Music enthusiasts attending the Central Ohio Symphony’s holiday concerts this Sunday will get to hear the premiere of a piece by a young composer from Delaware County.
In addition to its performance with Celtic band Lone Raven, the Symphony will play “Welcome Sun,” an original composition by Hayes High School student Noah Goulet, son of Russ and Nancy Goulet. It marks the first time that one of Goulet’s pieces — he’s written 30 so far — will be played by a professional orchestra.
“For a while, it didn’t really sink in that I’m having this performed. It was just an abstract thought somewhere in the distance, but now that we’re getting close, I’m actually realizing that it’s happening,” said Goulet, a junior at Hayes. “It’s exciting just to have their input into the artistic process. It’s a very big deal and a very great honor to have professional musicians do that for me.”
Two shows will be presented at 2 p.m. and 4:30 p.m. on Sunday in Gray Chapel at Ohio Wesleyan University.
The idea for “Welcome Sun,” Goulet said, was inspired by the winter solstice, which is Dec. 21.
“When you get to the winter solstice, it’s the darkest day of the year. You have the longest night and the shortest day,” he said. “So starting from that point, everything is very dark and after that point, everything gets brighter. I tried to reflect that musically with the beginning of the piece, the instrumentation is very thin, very dark. Then it gets fuller and brighter as the piece goes on.”
For the past three years, Goulet has studied music composition with Ohio Wesleyan University music professor Jennifer Jolley. The professor is equally excited about the debut of her student’s piece this weekend.
“I think it’s thrilling,” she said with a gleam in her eyes. “I have kind of a nervous excitement. … To actually think of something as big as an orchestra piece when you’re dealing with 60 or 70 people on stage and you tell them exactly what they need to be doing. I think it’s a wonderful experience for Noah. I’m really proud of him. I’m curious to hear what this sounds like in real life.”
To this point, Goulet and Jolley have only heard ”Welcome Sun” played by a computer program.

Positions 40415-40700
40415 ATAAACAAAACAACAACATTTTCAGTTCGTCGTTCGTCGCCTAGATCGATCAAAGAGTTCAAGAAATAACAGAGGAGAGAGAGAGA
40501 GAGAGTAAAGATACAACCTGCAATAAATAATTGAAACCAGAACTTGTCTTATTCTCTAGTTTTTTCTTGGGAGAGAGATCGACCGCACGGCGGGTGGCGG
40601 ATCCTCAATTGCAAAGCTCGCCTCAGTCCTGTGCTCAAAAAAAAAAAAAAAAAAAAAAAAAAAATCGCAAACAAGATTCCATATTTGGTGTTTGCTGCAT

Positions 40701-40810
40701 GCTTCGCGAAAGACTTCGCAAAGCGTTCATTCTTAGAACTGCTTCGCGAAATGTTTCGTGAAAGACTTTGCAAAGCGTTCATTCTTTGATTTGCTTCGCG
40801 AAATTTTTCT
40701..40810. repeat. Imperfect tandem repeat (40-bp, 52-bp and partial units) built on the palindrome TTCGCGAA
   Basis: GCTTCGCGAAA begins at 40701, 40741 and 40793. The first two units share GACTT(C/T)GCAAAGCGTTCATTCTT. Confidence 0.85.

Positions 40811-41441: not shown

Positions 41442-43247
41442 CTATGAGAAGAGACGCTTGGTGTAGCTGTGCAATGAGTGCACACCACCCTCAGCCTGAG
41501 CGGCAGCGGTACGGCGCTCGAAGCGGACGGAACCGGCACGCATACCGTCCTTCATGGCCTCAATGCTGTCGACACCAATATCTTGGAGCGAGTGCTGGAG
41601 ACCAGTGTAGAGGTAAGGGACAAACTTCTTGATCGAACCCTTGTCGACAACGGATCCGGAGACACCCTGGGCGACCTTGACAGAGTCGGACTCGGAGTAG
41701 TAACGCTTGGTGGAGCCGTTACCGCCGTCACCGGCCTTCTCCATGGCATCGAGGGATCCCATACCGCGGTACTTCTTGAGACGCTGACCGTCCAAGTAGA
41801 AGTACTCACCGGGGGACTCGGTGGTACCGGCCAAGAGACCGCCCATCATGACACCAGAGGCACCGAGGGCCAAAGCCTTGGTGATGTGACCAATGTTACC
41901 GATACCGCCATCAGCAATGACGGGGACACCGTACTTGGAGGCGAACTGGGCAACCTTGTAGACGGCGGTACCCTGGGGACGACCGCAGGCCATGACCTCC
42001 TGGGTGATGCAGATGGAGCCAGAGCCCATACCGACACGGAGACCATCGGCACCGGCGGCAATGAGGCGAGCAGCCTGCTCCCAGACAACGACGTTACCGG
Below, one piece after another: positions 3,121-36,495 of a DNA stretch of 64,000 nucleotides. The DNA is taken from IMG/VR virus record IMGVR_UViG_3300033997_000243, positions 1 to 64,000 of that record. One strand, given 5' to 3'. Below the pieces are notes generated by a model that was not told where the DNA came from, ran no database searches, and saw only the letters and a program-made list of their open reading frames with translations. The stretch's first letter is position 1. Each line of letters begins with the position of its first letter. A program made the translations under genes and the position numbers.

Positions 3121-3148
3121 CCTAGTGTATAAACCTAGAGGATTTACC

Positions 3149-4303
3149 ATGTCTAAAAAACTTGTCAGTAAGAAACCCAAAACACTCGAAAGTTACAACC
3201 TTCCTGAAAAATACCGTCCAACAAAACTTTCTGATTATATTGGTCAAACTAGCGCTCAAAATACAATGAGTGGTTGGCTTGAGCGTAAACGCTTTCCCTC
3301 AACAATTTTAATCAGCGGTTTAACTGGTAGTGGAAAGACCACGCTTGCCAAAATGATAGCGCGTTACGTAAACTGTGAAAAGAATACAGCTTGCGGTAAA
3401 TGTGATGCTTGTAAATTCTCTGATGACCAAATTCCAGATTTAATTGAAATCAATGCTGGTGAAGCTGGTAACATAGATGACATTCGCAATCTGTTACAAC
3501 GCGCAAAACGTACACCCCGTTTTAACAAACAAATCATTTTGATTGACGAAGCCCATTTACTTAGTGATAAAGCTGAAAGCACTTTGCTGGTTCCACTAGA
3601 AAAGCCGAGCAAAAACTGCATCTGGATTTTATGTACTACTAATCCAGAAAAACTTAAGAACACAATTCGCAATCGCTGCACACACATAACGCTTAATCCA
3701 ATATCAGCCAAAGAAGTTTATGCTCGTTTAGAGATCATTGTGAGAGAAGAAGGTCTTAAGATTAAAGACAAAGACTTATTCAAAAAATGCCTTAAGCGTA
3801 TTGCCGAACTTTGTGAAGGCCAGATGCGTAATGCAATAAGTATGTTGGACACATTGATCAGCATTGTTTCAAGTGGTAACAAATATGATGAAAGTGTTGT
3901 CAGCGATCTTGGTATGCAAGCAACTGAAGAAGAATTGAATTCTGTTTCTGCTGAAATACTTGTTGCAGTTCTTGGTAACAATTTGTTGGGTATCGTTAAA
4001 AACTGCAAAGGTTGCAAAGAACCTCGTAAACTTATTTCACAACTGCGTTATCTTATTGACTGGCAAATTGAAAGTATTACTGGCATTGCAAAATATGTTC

Goulet’s musical career began when he was in seventh grade and he picked up the clarinet. However, he knew he wanted to do more than just play an instrument.
“I got into composition really just by listening to good music, and I decided that I wanted to be able to do it, too,” said Goulet. He’s a member of the symphonic band and marching band at Hayes and also played in the jazz band last school year.
Goulet said despite getting a relatively late start on his musical journey, he’s developed quickly.
“I never actually really felt like I had much catching up to do,” he said. “It didn’t seem like work because I was enjoying it so much.”
Jolley said it’s a joy to work with Goulet.
“What I like about working with Noah is that he’s serious and even though he’s come into music late, he’s passionate about it. He listens to a lot of music and especially with the actual musical score in front of him,” she said. “And he listens to what I have to say about his pieces. Sometimes when he brings in a piece, I really don’t have to say much because he’s aware of the questions I’m going to ask. If I have something critical to say, Noah actually listens to what I say and thinks about it.”
Tickets for the concerts are available at the Symphony Source office, 24 E. Winter Street, Delaware. Prices are $25, adults; $20, seniors; $6, students of any age; and $4, children, age 6 and under. Tickets may also be ordered online at www.centralohiosymphony.org or by calling the Symphony at 740-362-1799.
The holiday concerts are underwritten by grants from the Ohio Arts Council, City of Delaware and supported by Ohio Wesleyan University.
Contact Andrew Carter at 740-413-0900. Follow him on Twitter @DelOhioEditor.
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